August 11, 2015

1804 UNITED STATES (Hawaii) - 'Iolani Palace in downtown Honolulu

In 1795, Kamehameha I managed to unify Hawai'i, O'ahu, Maui, Moloka'i, and Lāna'i establishing the Kingdom of Hawai'i, which in 1810 covered the entire archipelago. The monarchical adventure of Hawai'i was concluded in 1893, when several american and european businessmen overthrew the Queen Lili'uokalani , establishing the Republic of Hawai'i, annexed by United Sates in 1896 as the Territory of Hawai'i, which eventually became the U.S. state of Hawaii in 1959. The 'Iolani Palace was the royal residence of the rulers of the Kingdom of Hawaii beginning with Kamehameha III (1845) and ending with Queen Lili'uokalani (1893).

In the early 19th century, the area near an ancient sacred burial site was known as Pohukaina. In 1844 Mataio Kekūanāo'a (Royal Governor of O'ahu and husband of Kīna'u, the daughter of Kamehameha I) began building a large home here as a gift to his daughter Victoria Kamāmalu. The building was purchased by King Kamehameha III from his niece Kamāmalu when he moved his capital from Lahaina to Honolulu in 1845. It was constructed as a traditional ali'i residence with only ceremonial spaces, no sleeping rooms. It just had a throne room, a reception room, and a state dining room, with other houses around for sleeping and for retainers.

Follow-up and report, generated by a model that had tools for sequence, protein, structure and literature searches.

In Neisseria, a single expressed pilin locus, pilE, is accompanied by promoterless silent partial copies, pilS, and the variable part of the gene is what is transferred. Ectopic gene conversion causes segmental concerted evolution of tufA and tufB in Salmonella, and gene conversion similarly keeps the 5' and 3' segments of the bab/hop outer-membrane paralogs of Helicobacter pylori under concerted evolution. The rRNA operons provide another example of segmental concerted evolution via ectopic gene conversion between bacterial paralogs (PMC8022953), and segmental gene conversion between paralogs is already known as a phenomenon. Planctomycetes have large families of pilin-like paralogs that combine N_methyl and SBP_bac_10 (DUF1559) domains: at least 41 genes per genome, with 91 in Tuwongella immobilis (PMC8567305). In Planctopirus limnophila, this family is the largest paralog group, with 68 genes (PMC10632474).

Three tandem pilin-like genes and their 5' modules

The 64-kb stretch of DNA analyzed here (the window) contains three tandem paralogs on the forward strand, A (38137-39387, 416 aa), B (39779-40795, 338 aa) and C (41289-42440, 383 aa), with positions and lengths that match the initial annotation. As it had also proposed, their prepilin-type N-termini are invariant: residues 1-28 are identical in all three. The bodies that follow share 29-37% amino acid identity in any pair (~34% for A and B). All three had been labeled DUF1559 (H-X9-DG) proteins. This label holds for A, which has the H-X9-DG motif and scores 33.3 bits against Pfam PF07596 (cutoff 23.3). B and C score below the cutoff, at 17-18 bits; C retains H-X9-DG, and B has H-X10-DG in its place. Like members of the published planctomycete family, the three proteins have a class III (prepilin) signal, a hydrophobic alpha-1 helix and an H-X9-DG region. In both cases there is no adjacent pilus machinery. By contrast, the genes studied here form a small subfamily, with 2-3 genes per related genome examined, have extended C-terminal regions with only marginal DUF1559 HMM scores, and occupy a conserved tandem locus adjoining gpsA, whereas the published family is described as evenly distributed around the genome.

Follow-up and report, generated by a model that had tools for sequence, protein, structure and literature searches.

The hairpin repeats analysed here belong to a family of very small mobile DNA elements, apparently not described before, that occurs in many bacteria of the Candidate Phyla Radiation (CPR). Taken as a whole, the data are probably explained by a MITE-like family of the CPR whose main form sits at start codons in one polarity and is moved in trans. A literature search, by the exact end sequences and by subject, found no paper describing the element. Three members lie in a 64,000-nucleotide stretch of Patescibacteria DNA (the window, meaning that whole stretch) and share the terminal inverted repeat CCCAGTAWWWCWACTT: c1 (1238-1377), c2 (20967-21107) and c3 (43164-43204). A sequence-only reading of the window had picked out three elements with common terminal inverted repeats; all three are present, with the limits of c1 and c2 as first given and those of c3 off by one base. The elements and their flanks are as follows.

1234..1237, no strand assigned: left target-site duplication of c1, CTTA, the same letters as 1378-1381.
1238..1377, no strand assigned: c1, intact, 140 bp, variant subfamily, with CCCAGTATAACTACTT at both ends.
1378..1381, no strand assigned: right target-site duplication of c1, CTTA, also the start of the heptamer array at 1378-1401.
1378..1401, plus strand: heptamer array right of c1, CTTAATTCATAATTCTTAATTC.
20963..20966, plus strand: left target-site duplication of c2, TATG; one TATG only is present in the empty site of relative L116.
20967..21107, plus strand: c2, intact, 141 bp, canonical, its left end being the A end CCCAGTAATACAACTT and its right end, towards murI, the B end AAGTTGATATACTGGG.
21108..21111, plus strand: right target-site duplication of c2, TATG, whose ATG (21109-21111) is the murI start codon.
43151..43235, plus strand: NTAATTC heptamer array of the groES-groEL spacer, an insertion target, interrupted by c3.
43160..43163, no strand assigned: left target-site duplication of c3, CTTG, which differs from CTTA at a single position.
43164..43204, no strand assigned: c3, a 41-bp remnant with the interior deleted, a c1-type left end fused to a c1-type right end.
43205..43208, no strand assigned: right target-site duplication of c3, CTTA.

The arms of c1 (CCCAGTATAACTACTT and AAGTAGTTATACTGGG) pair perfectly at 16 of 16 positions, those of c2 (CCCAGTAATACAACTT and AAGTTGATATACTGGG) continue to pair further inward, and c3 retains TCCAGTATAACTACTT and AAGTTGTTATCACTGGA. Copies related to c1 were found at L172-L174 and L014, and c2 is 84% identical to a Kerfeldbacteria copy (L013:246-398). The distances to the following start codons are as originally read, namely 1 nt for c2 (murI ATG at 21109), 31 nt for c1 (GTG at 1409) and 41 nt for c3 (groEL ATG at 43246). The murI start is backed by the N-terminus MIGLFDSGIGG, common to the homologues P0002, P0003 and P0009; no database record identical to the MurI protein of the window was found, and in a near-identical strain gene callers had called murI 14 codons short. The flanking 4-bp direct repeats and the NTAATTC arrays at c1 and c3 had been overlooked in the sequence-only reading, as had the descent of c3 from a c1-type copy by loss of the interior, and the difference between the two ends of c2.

During Kamehameha V's reign Hale Ali'i's name was changed to 'Iolani Palace, after his brother Kamehameha IV's given names. He commissioned the construction of Ali'iōlani Hale to be the official palace of the Hawaiian monarchy. By the time David Kalākaua assumed the throne, the original palace was in poor condition, so he ordered to be razed. He was the first monarch to travel around the world, and he took note of the grand palaces owned by the monarchs of Europe, and upon return he commissioned the construction a new 'Iolani Palace.

Thomas J. Baker designed the current building structure, and Charles J. Wall and Isaac Moore added details. Built in American Florentine style between 1879 and 1882, it has four corner towers and two in the center rising to 23m. In 1883 a formal European-style coronation ceremony was held, even though Kalākaua had reigned for 9 years. After the monarchy was overthrown in 1893, the building was used as the capitol building for the Provisional Government, Republic, Territory, and State of Hawaiʻi until 1969. The palace was restored and opened to the public as a museum in 1978, being the only official state residence of royalty on US soil.

About the stamps
The first stamp is part of the definitives series American Design (2002-2007), about which I wrote here. The second stamp, showing the countryside of Lancaster County (Pennsylvania), is part of the Scenic American Landscapes series, about which I wrote here.

'Iolani Palace - Wikipedia

Sender: Marius Vasilescu
Sent from Honolulu (Hawaii / United States), on 08.02.2013
Photo: Ann Cecil

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